Warning: 4 Signs Your 401(k) Is Being Shortchanged

Source: Thinkstock

Source: Thinkstock

There shouldn’t be anything confusing when it comes to your 401(k). It should be clear to you how much you’re contributing, the rate of return, and any fees that are being charged to your account. There is a chance, however, that you’re being shortchanged by your employer. It’s a scary thought, but also one that sometimes proves to be accurate. According to an AARP article, a report from the Department of Labor showed nearly 73 percent of the plans it audited last year made the wrong employer match or some other error.

Your retirement money isn’t something you want to take lightly, which is why it’s important to know the warning signs that should alert you to a possible problem with your 401(k).

1. You’re either receiving your plan statements and documents late, or not at all

Everything that has to do with your 401(k) should be well-documented and arrive on time. You should also have access to a “Summary Plan Description” that describes your plan’s features, writes Forbes. The Department of Labor suggests reviewing the following documents:

  • Your individual benefit statements. These should arrive for your review once a quarter. It should detail how much you’re investing, how your money is invested, as well as your account balance. Take a few minutes each quarter to look at it closely.
  • Investment information. The statement should include your investment options, as well as a chart that breaks down any fees associated with your account.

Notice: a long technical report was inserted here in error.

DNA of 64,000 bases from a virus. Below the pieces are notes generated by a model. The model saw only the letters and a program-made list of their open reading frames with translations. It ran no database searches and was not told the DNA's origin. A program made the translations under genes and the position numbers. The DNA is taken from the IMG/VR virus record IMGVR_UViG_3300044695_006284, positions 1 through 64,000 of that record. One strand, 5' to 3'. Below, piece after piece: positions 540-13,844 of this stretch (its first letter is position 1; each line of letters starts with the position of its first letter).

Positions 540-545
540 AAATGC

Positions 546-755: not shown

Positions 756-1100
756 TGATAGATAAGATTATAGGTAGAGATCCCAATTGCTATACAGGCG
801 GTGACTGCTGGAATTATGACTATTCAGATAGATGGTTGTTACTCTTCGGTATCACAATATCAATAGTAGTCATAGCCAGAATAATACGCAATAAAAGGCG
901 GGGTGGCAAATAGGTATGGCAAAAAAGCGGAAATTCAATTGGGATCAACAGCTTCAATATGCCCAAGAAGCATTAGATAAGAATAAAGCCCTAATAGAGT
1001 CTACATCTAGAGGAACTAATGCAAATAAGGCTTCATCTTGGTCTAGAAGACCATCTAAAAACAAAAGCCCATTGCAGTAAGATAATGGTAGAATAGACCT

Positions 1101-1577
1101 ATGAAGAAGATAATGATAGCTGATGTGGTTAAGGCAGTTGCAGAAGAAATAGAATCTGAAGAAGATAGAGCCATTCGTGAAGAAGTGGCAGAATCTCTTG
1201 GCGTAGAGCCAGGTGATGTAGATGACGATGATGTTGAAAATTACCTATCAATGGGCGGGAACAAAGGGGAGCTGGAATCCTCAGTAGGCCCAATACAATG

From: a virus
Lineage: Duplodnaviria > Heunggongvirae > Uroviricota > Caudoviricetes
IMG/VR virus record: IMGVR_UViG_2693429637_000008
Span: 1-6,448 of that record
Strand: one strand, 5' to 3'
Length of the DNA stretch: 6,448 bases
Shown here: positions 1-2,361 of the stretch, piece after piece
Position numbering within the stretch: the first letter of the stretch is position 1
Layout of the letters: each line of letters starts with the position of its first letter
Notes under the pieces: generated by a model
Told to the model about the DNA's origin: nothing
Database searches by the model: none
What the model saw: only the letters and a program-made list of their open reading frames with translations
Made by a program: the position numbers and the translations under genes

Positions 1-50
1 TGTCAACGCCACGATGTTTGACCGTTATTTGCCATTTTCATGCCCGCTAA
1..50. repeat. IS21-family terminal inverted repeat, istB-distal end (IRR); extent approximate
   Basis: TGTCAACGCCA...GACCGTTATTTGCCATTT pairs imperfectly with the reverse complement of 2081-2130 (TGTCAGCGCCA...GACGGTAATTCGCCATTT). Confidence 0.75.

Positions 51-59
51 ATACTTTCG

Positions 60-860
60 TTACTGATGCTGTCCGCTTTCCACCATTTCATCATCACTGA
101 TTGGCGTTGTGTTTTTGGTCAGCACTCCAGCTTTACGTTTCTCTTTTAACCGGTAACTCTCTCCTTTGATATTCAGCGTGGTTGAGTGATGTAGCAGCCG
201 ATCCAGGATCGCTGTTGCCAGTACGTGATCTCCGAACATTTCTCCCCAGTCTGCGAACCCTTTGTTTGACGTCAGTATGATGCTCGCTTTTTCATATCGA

• Underfunding notices. If you are in a defined-benefit or traditional benefit plan, you have a right to know how much your plan is underfunded.
  • Plan changes. Your employer must tell you if there are any changes made to the retirement program.

Source: Thinkstock

Source: Thinkstock

2. Sometimes, you’re not sure where your contributions are

“These days, transfers from your payroll to a retirement account shouldn’t take long. If they are taking a week or more, you should alert your plan administrator,” Forbes writes. Talk to them about how your transfers can be expedited, because there’s no good reason it should be take time for your contributions to appear in your plan.

Source: Thinkstock

Source: Thinkstock

3. Your employer may not want what’s best for you

First, remember that you have some rights under the Employee Retirement Income Security Act, which is the federal law governing retirement plans. Now, ask yourself this: Has your employer refused to give you a broad selection of passively managed index funds? Is your employer sitting on payroll deductions before depositing them? If your answer to either of those was yes, you have a problem. Or, maybe something else is occurring that is giving you a suspicious feeling about how your 401(k) is being run.

In any event, consider reaching out to the Department of Labor, or even think about running it by an attorney. By agreeing to provide you with a retirement plan, your employer has a set of rules it needs to follow, and you have every right to ensure that they are.

Source: Thinkstock

Source: Thinkstock

4. You don’t understand the fees

You have every right to fully understand what your 401(k) is costing you — and there is usually a price. There are going to be middlemen expenses, such as administration fees or others labeled as “revenue sharing.” These fees are deducted from your account. Don’t just accept that, though, without knowing exactly what they’re for. It should be easy to look up if your employer is giving you all of the proper documents. According to Forbes, every employer is required to give you a statement explaining your account fees. You also have a right to know how fees compare to other plans that are similar to yours. Some employers will do a comparative study or hire an independent fiduciary to shop for lower cost plans. If they aren’t making an effort to do that, you have the right to request that they do.

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